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Digital Picture Basics Lesson 3 - Image Size, File Size and Resolution

You have no doubt heard these three terms before, but do you understand what the difference is between them? Many people use the terms interchangeably and do not realize that they are in fact three separate ways of measuring a photo.

For the purposes of learning these differences, we will be working with an image file in Photoshop.

Please right-click here and save the image to your assignments folder.

Resolution - Pixels... Megapixels... What does it really mean?

The amount of detail in an image is called the resolution, and it is measured in pixels. Resolution is very important when editing images for print. The more pixels an image has, the more detail is displayed and the larger you can size pictures without blur or grainy results.

**** Important****

Your first concern should always be resolution. Once you are sure that a picture is the proper resolution for your purpose (print or web) then we can worry about the image size.

Resolution and Cameras

You can set your camera to take pictures at different resolutions. Depending on your camera, you can set the resolution to as little as 256 x 256 (number of pixels in height and width) or as high as 4064 x 2704.

Once you take a picture, the resolution for that picture is set and can only be changed using software like Photoshop.

It is fine to decrease resolution using software, but not a good idea to increase it (making the computer guess at filling in the missing pixels).

For this reason, it is usually a good idea to capture images at a higher resolution setting.

Some typical resolutions include:

The size of the same image taken at different resolutions.

High-end consumer cameras can capture over 12 million pixels. Some professional cameras support over 16 million pixels, or 20 million pixels for large-format cameras. It is estimated that the quality of 35mm film (non-digital camera) is about 20 million pixels.

Keep in mind that once you get past a certain point, you are paying for pixels you may never need.

Changing Image Resolution

You can increase the resolution for print, but we will have to sacrifice the print size to do this.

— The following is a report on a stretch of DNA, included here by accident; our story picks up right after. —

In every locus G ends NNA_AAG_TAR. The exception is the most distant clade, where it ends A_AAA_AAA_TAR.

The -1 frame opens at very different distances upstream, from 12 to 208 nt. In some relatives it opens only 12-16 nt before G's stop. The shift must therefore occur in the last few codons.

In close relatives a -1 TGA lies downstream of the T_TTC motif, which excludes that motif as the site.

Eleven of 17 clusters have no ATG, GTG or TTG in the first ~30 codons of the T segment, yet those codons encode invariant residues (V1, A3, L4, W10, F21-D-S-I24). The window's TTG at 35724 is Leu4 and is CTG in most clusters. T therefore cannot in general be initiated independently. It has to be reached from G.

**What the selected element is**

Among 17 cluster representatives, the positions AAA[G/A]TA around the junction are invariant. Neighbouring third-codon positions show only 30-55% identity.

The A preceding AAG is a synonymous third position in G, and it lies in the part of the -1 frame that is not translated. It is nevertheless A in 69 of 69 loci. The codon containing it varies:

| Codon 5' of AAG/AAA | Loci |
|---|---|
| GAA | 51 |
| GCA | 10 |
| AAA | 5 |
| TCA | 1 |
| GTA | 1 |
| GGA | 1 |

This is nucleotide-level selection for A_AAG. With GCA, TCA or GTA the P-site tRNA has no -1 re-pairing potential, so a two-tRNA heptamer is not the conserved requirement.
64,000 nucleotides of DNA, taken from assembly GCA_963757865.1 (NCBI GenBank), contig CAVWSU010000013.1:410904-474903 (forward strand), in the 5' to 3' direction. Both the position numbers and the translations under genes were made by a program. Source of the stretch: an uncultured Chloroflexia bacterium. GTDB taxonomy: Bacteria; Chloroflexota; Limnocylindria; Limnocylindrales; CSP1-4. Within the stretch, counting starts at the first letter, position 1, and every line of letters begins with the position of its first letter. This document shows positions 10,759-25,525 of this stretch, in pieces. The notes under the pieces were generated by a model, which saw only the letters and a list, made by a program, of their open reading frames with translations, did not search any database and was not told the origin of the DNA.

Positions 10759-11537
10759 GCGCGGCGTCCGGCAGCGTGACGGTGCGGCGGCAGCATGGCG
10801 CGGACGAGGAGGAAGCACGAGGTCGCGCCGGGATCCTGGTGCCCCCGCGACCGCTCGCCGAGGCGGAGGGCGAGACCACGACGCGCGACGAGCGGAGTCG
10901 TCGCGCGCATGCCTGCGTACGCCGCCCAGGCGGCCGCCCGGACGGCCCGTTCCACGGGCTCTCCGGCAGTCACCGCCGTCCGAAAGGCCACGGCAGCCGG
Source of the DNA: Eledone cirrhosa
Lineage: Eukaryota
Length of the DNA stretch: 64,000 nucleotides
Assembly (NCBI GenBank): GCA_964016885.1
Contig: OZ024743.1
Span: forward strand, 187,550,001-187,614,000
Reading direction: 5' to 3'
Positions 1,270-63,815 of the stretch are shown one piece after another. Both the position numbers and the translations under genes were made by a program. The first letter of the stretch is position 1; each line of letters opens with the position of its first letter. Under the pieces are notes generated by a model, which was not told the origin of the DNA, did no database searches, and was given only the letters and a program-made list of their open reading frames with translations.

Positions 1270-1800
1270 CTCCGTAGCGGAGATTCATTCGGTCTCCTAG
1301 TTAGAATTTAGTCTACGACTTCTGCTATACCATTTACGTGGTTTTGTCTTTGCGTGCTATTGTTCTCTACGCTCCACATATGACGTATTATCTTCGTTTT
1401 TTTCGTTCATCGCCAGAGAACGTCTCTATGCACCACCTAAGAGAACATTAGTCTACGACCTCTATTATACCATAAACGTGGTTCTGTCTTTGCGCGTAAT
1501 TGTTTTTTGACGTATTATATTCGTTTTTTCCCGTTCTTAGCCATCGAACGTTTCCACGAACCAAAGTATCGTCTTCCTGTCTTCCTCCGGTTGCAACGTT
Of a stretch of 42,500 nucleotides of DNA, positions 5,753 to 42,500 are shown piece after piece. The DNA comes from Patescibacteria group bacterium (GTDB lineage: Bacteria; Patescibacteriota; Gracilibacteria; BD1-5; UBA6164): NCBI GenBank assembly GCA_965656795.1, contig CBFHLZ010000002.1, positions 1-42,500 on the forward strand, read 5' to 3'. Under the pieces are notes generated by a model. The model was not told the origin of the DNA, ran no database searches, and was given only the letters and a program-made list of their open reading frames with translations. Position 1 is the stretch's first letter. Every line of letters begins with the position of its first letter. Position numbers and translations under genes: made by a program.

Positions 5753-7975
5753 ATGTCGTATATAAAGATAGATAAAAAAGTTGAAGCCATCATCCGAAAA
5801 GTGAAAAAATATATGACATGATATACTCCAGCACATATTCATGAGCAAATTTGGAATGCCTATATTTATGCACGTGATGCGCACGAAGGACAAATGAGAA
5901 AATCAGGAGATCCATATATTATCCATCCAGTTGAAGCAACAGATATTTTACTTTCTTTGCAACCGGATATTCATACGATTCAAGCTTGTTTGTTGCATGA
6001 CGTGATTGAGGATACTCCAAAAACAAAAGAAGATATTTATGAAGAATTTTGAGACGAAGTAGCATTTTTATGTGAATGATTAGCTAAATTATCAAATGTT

1. Open the sample file in Photoshop

2. Choose Image > Image Size


You will notice that the resolution of the photo is set at 72 pixels per inch.

This is a good time to mention that a resolution of 72 ppi is fine for the web because it will transfer quickly. However, this will produce terrible print quality. When we are looking to print images, they should be at a resolution of 300 ppi.

3. Uncheck the box that says "Resample Image"

Note: By doing this, you are allowing a decrease in the print size of the image to gain better quality in a smaller image.

4. Change the Resolution to 300.


Note: You'll notice that as you do this, document size will change, but the number of pixels has remained unchanged. This means that you now have a smaller document with the same number of pixels as before.

5. Choose OK

We could have increased the resolution without sacrificing document size, but that would mean the computer would have to guess at filling in the pixels added pixels.

Image Size - Document Size

The term image size refers to how large the picture will be when it is printed. Once you have set the resolution you need (72 for web or 300 for print) you can now change the Image Size.


Because of the high number of pixels, we can print this picture in excellent quality at a size of 10in x 6in or smaller.

Let's decrease the image size so that we can print it in a standard size.

6. Make sure the "Resample Image" and "Constrain Proportions" boxes are checked.

7. Change the document size height to 4 pixels.

Note that the height changes automatically. This is because you have the box checked at the bottom that says "constrain proportions". You should always have this box checked when resizing images.

8. Choose OK

Changing Image Size is not very difficult, but there is one rule we must follow:

Decreasing image size can be done to any degree, but when Increasing image size, you will lose quality and the image may become blurry.

This is because when you decrease the size you are simply cutting out some of the pixels from the picture. When you are increasing the size, you are asking the computer to stretch a picture and to take a best guess at filling in the empty pixels along the way. When a computer has to guess, the result is a more grainy picture.

File Size

Remember that when your image size is larger, it will contain more information and so file size will be larger. The same is true for resolution. This means that when you are capturing at a higher resolution on your camera, you will be able to store fewer images on your memory card.

This also means larger file sizes to store on your computer and slower transfer speeds if the images are stored online or emailed.

For example, when our sample file is resized the file size would change as seen below:

- Sized at 42 x 28 inches at 300 ppi the file size is 24.6 MB

- Sized at 42 x 28 inches at 72 ppi the file size is 2.9MB

- Sized at 4 x 6 at 300 ppi the file size is 1.3 MB

- Sized at 4 x 6 at 72 ppi the file size is 205 KB

**** Remember****

Your first concern should always be resolution. We always set resolution first and then we set the image size.